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Discussion Starter #1 (Edited)
In 1964, Mettoy Playcraft introduced a new brand of smaller diecast at the request of Woolworths called "Husky". Woolworth wanted a line of toy cars to market in direct competition with Matchbox. They also made various sets of play related figurines and garage sets. The Husky Extra series was oriented toword TV related cars.

Another line of Husky diecast called "Husky Majors", were a range of trucks in the same size as the "Matchbox Major Packs". This series included a garage.

In the late 1960s, Mettoy seeing that their exclusive marketing contract with Woolworth was ended; changed their product line name in 1970, from "Husky" to "Corgi Juniors". And began distributing them to other retail outlets as well. This also served to better intergrate the seris name into the Corgi Toy's family name. Marking the first time this casting range had been branded as a Corgi product.

Also in 1970, low friction all plastic Whizzwheels were used on most models. This allowed Cogi Juniors to also race on the new "Corgi Rockets" track sets in diect competition with Mattel's Hot Wheels and Matchbox new Superfast ranges. Overtime 6 different wheel sets were used.

Although small scale Corgi models would continue to be produced until the demise of the original company in 1983, the name Corgi Juniors was dropped in the mid 1970s and the models were just branded as Corgi.

Under the internal management buyout of Corgi, the smaller Corgi line up was marketed as Corgi Auto Ciy until 1989 when Mattel purchased Corgi and seperated the small diecast line from Corgi Classics.

A few of the former Corgi Junior castings were later reissued as part of Mattel's Hot Wheels line up for just a few years - 1994 to 1997. One casting model - the BMW 850i was offered in two casting versions by Mattel; the former Corgi Junior version with opening doors and Mattel's own Hot Wheels version. One ther exCorgi casting, was issued for a longer period as a Hot Wheels was the Porsche Carrera.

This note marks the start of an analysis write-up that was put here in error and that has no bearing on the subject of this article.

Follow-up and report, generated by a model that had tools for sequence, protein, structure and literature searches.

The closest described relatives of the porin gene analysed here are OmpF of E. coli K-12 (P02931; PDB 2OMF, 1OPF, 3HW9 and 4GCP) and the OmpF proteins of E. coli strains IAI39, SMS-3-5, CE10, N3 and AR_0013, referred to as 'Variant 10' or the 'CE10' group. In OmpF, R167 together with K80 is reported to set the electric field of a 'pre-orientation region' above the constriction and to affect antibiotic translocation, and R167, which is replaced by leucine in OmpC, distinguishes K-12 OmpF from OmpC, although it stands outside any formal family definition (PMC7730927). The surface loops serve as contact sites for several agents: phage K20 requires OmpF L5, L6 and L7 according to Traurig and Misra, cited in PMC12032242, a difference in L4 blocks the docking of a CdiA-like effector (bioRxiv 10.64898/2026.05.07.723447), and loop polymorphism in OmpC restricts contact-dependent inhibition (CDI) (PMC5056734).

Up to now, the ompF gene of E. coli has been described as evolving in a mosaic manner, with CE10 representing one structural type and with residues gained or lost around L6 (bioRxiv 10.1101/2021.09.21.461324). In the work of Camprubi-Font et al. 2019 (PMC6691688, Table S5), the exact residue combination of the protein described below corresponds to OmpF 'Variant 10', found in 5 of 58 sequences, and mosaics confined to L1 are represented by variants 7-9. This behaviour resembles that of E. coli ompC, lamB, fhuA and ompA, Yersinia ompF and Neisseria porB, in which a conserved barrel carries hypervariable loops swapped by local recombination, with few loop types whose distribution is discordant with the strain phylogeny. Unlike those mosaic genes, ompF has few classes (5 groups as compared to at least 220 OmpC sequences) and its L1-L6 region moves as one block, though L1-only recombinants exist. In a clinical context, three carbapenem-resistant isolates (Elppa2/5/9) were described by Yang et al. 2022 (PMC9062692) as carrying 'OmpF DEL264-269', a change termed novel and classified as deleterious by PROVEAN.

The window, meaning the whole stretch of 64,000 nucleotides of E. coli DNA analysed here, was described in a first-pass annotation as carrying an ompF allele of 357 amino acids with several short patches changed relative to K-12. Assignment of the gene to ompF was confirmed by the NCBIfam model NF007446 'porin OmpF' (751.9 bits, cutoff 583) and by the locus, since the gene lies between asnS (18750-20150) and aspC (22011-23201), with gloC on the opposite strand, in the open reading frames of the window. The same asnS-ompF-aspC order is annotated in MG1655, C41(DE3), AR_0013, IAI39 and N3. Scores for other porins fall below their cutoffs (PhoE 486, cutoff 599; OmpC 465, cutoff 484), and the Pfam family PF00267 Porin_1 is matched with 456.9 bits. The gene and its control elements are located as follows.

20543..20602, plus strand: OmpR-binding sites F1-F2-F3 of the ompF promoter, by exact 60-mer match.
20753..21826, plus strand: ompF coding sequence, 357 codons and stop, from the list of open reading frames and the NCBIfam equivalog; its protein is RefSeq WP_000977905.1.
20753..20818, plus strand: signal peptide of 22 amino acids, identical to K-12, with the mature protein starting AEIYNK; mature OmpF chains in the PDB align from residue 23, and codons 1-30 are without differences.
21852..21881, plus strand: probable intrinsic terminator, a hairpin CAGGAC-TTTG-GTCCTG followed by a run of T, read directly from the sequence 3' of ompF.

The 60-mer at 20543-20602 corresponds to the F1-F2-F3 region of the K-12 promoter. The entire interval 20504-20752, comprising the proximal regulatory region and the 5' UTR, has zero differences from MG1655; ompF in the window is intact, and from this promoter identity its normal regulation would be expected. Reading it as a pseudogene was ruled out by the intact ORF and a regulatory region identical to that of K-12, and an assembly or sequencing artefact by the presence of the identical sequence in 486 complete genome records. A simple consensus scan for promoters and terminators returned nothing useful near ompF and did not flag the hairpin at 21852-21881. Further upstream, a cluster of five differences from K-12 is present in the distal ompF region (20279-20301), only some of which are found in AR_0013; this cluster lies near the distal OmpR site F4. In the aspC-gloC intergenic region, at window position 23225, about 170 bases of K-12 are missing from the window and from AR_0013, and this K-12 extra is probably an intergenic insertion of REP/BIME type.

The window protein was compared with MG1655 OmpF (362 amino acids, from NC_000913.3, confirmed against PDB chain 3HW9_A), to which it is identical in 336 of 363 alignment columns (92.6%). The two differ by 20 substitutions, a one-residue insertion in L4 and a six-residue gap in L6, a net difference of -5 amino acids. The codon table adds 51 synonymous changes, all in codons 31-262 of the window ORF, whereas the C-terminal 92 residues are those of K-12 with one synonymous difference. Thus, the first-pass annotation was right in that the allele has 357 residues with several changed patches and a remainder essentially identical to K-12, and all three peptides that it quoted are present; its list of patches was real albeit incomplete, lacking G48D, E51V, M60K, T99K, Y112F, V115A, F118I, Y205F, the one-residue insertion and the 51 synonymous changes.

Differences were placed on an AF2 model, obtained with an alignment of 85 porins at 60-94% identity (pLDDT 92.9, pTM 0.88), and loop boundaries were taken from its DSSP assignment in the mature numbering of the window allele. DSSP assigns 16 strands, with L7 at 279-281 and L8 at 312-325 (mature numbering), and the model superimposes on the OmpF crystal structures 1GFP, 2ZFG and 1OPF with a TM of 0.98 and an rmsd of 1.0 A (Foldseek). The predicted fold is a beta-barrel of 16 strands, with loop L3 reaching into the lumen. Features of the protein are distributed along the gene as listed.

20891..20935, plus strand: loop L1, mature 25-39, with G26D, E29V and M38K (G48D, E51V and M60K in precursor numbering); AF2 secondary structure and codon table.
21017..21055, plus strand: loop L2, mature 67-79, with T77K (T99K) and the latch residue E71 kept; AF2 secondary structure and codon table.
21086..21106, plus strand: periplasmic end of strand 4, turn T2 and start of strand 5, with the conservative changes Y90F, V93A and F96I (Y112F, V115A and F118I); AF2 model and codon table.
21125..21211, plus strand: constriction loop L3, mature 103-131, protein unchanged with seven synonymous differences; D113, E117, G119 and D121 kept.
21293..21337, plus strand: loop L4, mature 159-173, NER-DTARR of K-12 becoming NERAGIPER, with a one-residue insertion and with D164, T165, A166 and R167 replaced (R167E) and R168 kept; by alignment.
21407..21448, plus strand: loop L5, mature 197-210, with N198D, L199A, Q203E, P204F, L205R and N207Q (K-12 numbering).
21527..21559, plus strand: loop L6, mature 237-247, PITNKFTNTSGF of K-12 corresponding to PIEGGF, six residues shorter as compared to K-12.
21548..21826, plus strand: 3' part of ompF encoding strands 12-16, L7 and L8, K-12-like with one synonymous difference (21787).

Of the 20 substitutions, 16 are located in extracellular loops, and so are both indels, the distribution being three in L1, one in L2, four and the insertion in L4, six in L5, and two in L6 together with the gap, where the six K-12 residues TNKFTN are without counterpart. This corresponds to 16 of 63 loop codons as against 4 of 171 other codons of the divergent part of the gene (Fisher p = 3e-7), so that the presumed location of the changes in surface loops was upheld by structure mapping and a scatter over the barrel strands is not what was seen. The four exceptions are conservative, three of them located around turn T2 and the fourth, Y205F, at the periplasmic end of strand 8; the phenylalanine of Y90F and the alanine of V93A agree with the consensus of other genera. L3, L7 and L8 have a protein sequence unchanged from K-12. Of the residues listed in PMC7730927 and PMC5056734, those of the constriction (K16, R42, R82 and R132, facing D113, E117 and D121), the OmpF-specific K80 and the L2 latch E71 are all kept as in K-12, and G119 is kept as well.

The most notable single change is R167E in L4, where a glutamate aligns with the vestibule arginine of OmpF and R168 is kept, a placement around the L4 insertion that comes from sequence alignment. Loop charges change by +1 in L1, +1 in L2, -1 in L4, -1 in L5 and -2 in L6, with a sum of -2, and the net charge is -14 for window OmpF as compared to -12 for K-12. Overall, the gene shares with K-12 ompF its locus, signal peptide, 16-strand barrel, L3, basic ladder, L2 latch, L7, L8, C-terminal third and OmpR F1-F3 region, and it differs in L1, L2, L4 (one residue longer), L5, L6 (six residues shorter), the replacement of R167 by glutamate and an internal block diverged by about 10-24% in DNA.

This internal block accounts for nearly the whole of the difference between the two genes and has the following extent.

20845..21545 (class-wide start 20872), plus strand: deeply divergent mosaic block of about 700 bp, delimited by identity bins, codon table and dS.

Around 2005, the Husky name appeared again with a series of diecast emergency and commercial vehicles available in UK tourism industry. Available casting included an FX-2 taxi, a police car, a fire truck, and an ambulance. The company was located in Leicester and seems unconnected to todays Corgi International Limited as owned by Hornby.

HUSKY (1-75 Casting List - Incomplete)

1959 Buick Electra

Citroen DS (estate with a rowing boat on the roof)

Land Rover utility vehicle

NSU Ro-80

1966 Oldsmobile Starfire

Reliant (3 wheeler pickup)
Reliant Scimitar

Studebaker Lark Wagonaire
Sunbeam Alpine


Ford car carrier (transporter) truck with a Hoynor Mk. II trailer

Husky moving van with "Husky" molded and brightly lettered in red on the sides.



D901 Aston Martin DB6
D902 Jaguar XJ6
D903 Mercedes Benz 280SL
D904 Porsche Carrera 6
D905 The Saint's Volvo P1800
D906 Jensen Interceptor
D907 Cadillac Eldorado

Sourced references -

Encyclopedia of Small-Scale Diecast Motor Vehicle Manufacturers - Sahakangas, Foster & Weber (2006)

1,900 Posts
Mattel had their hands on Husky Models before Hot Wheels were invented.

Borrowed images of Mattel Service Station with Husky Models inside.

Notice the date

This packaging is considered a rare find and I have only seen a few available
on the market. The sets have also been found with different models inside.


1,900 Posts
Interesting enough, many years ago when Bill Manzke was researching for his Corgi book,
I filled in many blanks. My Husky Models / Corgi Juniors collection became world class.
However, one day I asked Mark Curtis of the former MCCH website to list them all on eBay
for me and he did. Still have all the auction printouts and a disk containing all of the pictures.

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